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In a nutshell, the book of Ruth follows the story of a young girl from a pagan city who marries into a Hebrew family, faces the death of her husband, follows her mother-in-law to Bethlehem (where Jesus was later born), and meets and marries a kind-hearted man named Boaz.
Oh, I know this one, some readers may be thinking. It’s that age-old, “Jesus’ bloodline through the obedient daughter-in-law” thing, right? That’s how Jesus “appears” in the book of Ruth?
Except, uh, not entirely.
It’s true that the bloodline of Christ moves directly through the womb of this former pagan, but Ruth is often overlooked book when it comes to the exploring the significance of the Christ type. In fact, many might recall hearing terms like “kinsman” and “something about Boaz being a redeemer,” and they might know these concepts link to Christ, but it’s likely they haven’t seen how the pieces of the big picture all connect. One major eschatological (end-times) scene of Jesus in the book of Revelation draws its sweet and beautiful roots from this endearing, four-chapter book named after a young woman the many folks largely don’t understand (or pay much attention to). The story needs to breathe to be fully appreciated, as opposed to being dropped once a year into a twenty-minute sermon about being willing to abandon a former life in pursuit of a new one (although that is a great message also!).
The narrative begins with a woman whose first marriage was on a rocky foundation. Some might even say her marriages were…forbidden.
Once upon a time, there was a pagan city called Moab. It sprang from the incestuous seduction of Lot’s eldest daughter, who bore a son from her intoxicated father’s seed (Genesis 19:30–38). The child of this deplorable union, Moab—meaning “from my father”—grew to become the father and founder of the city that, for Israel, sat like a blight on the map as a constant reminder of sexual indecency between Abraham’s nephew and great-niece.
But that wouldn’t be the only shameful thing associated with this dark place.
Jewish tradition acknowledges that Chemosh, the national protector-god of the Moabites, is “developed out of the primitive Semitic mother-goddess Ashtar”[i] (also spelled “Astarte” and appearing in the Akkadian counterpart as “Ishtar”), the goddess of war and sex, as well as the “queen of heaven” whom the Canaanites worshipped. From the Moabite Stone—a stone tablet documenting parts of the city’s history ordered by then-reigning Moabite King Mesha—we read that the local worshippers considered Chemosh to be synonymous to certain early manifestations of the Canaanite god Baal, also. In fact, the Moabite Stone, according to lines 30 and 31, state that when Baal is pleased with King Mesha, Chemosh “speaks to Mesha,” or channels his knowledge into his servant directly: “Chemosh, therefore,” the twelve-volume Jewish Encyclopedia states, “was in general a deity of the same nature as Baal.”[ii]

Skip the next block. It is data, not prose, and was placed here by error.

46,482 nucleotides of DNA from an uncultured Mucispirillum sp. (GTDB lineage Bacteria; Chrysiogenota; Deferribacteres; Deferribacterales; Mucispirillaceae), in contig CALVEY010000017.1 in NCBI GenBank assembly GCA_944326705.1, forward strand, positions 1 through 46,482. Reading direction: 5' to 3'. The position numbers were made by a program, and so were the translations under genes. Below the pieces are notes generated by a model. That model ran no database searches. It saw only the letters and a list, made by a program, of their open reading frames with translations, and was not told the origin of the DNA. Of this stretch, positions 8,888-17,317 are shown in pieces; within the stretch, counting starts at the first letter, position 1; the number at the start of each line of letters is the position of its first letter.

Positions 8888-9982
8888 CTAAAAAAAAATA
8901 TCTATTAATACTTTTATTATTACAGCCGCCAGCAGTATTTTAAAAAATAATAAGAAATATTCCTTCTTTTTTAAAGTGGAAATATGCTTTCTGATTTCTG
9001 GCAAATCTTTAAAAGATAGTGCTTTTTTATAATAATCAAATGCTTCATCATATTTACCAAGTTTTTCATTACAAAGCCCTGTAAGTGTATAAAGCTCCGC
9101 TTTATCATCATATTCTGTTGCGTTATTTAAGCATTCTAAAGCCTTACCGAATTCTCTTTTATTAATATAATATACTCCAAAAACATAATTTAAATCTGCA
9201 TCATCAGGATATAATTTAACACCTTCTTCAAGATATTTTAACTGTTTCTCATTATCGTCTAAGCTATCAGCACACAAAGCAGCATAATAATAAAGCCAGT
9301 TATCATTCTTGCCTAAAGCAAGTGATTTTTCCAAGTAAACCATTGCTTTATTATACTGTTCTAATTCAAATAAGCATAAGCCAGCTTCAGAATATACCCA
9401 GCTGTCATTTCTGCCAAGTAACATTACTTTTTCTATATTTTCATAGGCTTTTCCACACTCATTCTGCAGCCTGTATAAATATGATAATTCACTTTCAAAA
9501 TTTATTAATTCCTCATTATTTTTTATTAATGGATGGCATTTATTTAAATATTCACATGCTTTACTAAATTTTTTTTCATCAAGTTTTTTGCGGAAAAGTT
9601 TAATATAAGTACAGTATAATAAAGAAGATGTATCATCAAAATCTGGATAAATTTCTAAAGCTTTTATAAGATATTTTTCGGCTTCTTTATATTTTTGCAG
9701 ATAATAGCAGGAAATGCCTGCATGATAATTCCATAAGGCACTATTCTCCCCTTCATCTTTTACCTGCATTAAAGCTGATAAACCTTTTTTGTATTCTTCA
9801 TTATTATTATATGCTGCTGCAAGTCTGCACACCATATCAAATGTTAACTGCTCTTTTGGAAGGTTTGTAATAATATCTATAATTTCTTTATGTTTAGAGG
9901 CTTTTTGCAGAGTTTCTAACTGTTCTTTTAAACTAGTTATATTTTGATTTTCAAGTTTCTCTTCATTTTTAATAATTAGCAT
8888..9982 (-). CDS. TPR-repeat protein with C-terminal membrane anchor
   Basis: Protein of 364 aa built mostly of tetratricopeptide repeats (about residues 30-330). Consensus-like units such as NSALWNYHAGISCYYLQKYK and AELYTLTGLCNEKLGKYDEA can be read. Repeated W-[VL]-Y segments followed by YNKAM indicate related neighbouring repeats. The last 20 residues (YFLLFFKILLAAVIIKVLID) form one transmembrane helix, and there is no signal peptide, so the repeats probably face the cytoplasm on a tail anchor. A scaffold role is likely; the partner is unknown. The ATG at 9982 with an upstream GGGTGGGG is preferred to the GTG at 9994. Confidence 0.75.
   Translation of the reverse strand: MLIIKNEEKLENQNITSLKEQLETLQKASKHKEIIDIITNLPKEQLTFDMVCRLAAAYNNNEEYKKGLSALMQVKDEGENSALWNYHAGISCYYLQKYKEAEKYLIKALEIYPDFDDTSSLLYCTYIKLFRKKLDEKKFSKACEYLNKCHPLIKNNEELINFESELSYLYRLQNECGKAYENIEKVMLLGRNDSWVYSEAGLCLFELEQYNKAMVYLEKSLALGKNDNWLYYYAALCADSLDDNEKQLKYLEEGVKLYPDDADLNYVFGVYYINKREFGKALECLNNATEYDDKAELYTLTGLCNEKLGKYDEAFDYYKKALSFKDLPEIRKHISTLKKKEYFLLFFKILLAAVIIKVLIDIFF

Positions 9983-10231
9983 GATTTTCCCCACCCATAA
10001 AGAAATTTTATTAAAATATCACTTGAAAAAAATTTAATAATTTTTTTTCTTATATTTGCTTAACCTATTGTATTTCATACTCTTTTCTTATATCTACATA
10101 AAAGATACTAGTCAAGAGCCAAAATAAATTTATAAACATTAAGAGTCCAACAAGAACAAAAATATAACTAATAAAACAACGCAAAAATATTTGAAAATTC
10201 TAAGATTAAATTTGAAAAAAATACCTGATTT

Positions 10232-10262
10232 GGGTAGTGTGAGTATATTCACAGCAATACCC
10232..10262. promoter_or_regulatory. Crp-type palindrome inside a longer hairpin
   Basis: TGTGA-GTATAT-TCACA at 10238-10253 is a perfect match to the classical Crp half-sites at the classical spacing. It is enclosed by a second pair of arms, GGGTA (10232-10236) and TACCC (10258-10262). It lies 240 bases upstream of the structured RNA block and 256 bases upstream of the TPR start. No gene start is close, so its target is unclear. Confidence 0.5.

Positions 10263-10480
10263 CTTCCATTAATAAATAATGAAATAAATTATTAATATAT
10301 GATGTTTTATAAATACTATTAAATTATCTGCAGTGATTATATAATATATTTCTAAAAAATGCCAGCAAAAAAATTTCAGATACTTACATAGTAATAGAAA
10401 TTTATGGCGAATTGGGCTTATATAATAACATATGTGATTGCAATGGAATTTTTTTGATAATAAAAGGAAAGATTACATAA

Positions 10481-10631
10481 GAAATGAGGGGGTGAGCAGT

The Encyclopaedia Biblica: A Dictionary of the Bible from 1899 acknowledges that back when ancient cultures believed the gods and goddesses were heavenly bodies or meteoric phenomena (basically, objects in space), Chemosh was considered to be the sun by some, and by others, “Milcom-Moloch-Saturn.”[iii] Sun worship was common for countless early civilizations, but Moloch (who is alternatively known as “Milcom” or “Saturn”) was the widely known Canaanite god of child sacrifice. This could explain why, as documented in the Word of God, this bizarre mishmash of Chemosh and Moloch/Saturn would accept child sacrifice to “secure his favor.”[iv] In 2 Kings 3:27, we read that this same King Mesha—who was accepting channeled oracles (translation: weird, demonic downloads) from Baal—sacrificed his eldest son and heir as a burnt offering to Chemosh in the middle of a war with Israel. Likely out of righteous indignation, disgust, or pity at the sight of the young crown-prince of Moab burnt and displayed atop the wall as a greeting, Israel retreated. Though the Bible verse doesn’t fully explain the retreat in those terms, historians, scholars, and linguists have ruled out most other motives for retreat, such as fear. In support of this, Jewish historian Josephus says everyone who approached the sight of the crown prince’s remains “were so affected, in way of humanity and pity, that they raised the siege, and everyone returned to his own house.”[v] But regardless of what shock the sight of a charred, smoking prince would have had on the neighboring nations, King Mesha’s choice to sacrifice his son to appease the eerie Moloch/Saturn/sun-god/Chemosh deity who apparently lived in his ear wasn’t a surprise to Moabites. On the contrary, it was “done in accordance with the fierce fanaticism of the Moabite nation.”[vi] Rather than lead a public mourning of the prince who had to be burned to mollify the blood-hungry god, the king instead spent his attention and energy compiling the Moabite Stone that would document the victory and elevate his name in history—that is, until he was defeated shortly thereafter. The Moabites who lived in subjection to this king didn’t appear to be offended by this form of worship, either. They would be known in the Old Testament by the pagan-god-fearing moniker, “the people of Chemosh” (Numbers 21:29; Jeremiah 48:46).